Home. What is home? Where is home? Funny how important that question is.
Growing up I was never too worried about defining where home was. But as I got older, went to college, began establishing my own life — that is when the real struggle for me began. Of course growing up, people would ask me where I was from or where home was. Then, the question was more of an annoyance. They didn’t really know what they were asking. Once I went to college in the U.S., and especially when my parents moved overseas while I was in college, going “home” was very different. I no longer had friends at my new home, and yet, it was home. The TCK in me likes to think that I found a home in not having one, and to a certain degree that is true; change is the ironic constant in our lives. I have always thought that I have homes not houses. Where you are from or where is your home are questions people ask to relate to you, they ask to gain an understanding of where you come from; your history, your culture, maybe they know someone from the place you say you’re from…
So for TCKs there is no easy answer, if you answer honestly sometimes people get frustrated that you don’t pick just one place, but if you pick one place you are doing an injustice to the question, yourself and the person asking.
Throughout my life I have had different experiences with “home.” When I attended International Schools abroad, it seemed that no one asked this question, so I never really thought about it. When I moved from Turkey back to the U.S. for 8th grade, this is when my TCK upbringing hit the wall of American culture. I moved back to the house we bought when I was 3, the same community that we would go “home” to every summer. No one in my 8th grade class could grasp that I moved from Turkey but I wasn’t Turkish, and it completely baffled them that I had blonde hair and blue eyes. They didn’t relate to my lack of interest in pop culture, or that I didn’t have an IPod. They didn’t seem to care about the war in Iraq or anything happening in the Middle East. I found it difficult to make friends because I couldn’t relate, and to add more to that, I was a 12-year-old girl moving to America in the middle of middle school… All I could think about was the movie Mean Girls. I did eventually find a great group of friends but there was still a struggle for a sense of belonging. I missed my international schools where our common-ground was in our mobile lifestyle.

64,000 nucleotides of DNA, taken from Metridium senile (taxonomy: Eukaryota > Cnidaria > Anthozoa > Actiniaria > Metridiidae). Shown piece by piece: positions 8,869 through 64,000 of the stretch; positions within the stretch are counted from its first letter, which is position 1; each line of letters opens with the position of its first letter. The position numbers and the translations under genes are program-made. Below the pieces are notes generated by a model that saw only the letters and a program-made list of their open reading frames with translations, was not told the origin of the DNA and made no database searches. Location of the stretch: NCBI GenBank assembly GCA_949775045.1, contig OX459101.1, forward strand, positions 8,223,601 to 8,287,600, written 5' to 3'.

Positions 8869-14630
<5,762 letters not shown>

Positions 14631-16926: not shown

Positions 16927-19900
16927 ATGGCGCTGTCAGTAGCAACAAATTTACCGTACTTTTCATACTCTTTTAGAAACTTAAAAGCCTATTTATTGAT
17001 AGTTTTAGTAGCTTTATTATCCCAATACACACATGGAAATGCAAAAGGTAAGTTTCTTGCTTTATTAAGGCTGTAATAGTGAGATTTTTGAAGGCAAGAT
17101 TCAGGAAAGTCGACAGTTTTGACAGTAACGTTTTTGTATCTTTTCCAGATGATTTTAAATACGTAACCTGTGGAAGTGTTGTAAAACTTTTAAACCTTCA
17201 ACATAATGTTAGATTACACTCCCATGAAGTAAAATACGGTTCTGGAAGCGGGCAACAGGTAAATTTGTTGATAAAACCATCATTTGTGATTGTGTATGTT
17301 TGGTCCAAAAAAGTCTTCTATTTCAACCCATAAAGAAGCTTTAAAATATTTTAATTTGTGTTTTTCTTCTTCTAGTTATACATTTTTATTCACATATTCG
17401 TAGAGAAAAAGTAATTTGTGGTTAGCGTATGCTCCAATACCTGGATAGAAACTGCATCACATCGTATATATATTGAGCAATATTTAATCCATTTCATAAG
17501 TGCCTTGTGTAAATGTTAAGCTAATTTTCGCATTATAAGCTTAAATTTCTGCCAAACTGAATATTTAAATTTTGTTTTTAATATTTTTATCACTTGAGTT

But these struggles with home and belonging are part of growing up for any kid – not just TCKs. That’s why I am surprised that my greatest struggle with “home” occurred recently (or maybe I think that because I’m going through it now…). As I mentioned before, I am a young professional in my mid-twenties and I’m currently establishing my own life- or trying to. I am at a cross-roads. Do I stay in the U.S. where I have established myself for the last 6 years or do I continue my nomadic life-style. I can no-longer piggy-back on my parents; soon “home” will be something I create, instead of where my parents live. But I don’t know where I want home to be, or how to get there. So much of who I am is a TCK. I don’t know if I can easily give up that lifestyle. But at the same time, I don’t know if I can do what my parents did. Being a child moving with your parents is one thing, moving as an adult is another. What kind of career works. Marriage and family criss-crossing the globe? Hmmm. . .